For example, you want to lose 20 pounds in a year. Five pounds is the quarterly goal. Your daily goals could be some form of exercising for 45-60 minutes daily, in bed before 11 pm, eating four complete meals each day, and add something socially to balance you out.

7. Do you have a morning routine suited specifically to your needs?

How you start the day plays a pivotal role in dictating the flow of your day from both an energy and performance standpoint.

8. Do you have a weekly plan for how you’re going to eat that fits with work?

Many of us are “time-crunched” during the week due to work demands and other various responsibilities. With that said, it’s highly important that you have a game plan for your nutrition during the week because when you’re caught off-guard,  impulsive decisions follow along with other areas of compliance dropping.

The weekends are a little easier for nutrition. Therefore, on each Sunday, plan for the work week. Where will you eat your meals? Are you meal prepping, using a meal delivery service, or developing a uniform style of eating throughout the week where you relatively eat the same thing each day.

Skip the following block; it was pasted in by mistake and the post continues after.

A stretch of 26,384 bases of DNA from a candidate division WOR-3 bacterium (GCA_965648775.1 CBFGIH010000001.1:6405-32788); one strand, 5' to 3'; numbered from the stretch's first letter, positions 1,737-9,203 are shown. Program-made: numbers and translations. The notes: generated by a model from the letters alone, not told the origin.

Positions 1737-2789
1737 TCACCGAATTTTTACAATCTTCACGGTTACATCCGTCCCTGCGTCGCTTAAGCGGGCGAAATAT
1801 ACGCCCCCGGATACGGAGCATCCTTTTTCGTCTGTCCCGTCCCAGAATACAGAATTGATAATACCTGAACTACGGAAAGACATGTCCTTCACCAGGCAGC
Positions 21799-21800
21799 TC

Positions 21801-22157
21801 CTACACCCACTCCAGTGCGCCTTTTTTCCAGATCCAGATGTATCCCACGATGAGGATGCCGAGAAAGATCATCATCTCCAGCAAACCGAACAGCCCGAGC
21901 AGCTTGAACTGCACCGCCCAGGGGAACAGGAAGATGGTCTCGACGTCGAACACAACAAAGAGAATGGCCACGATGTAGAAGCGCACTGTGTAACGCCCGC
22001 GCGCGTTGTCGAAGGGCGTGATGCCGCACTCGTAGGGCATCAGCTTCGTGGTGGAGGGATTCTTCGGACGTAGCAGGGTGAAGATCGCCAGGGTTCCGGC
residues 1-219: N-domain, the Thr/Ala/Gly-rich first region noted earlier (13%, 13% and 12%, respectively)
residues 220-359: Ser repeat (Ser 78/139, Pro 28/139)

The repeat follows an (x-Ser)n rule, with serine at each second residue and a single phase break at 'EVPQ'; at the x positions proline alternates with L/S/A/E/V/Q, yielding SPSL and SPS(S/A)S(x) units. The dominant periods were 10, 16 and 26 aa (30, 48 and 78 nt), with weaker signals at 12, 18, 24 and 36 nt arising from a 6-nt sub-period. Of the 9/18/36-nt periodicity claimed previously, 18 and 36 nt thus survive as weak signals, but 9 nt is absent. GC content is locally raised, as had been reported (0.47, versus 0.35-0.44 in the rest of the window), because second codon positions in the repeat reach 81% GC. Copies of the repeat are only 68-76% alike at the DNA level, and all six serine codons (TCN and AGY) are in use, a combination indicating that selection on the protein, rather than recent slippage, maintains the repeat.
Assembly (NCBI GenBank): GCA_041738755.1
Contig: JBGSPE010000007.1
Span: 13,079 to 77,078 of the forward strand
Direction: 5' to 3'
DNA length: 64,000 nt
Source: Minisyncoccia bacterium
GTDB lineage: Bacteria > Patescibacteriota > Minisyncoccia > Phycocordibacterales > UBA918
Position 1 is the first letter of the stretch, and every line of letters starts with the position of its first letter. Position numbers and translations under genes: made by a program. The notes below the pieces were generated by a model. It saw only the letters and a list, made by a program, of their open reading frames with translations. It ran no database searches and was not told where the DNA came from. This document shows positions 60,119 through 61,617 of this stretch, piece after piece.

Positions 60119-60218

9. Do you know your workout days and what you’re doing each session?

It’s important to treat and schedule your workouts just as you would a doctors appointment and important business meetings. This is psychologically signaling that this event is the highest of priority along with decreasing the chances of you making excuses for why you can’t work out due to time among many other excuses.

Schedule your workout days at the beginning of the week and also know what you’re going to do each session to maximize time and effectiveness.

10. What are you doing to ensure you get optimal sleep nightly?

Sleep is the most important element to maximizing your performance and impact in the world along with transforming your body.

The majority of people know that sleep is important, but through overwhelm, lack of time management and distractions, people fall short with consistent high-quality sleep.

Your goal is to develop a routine 60 minutes out from bed to help signal to your brain that it’s time to sleep. Some of the essential habits include placing a curfew on electronics.

11. Whats your biggest obstacle to succeeding?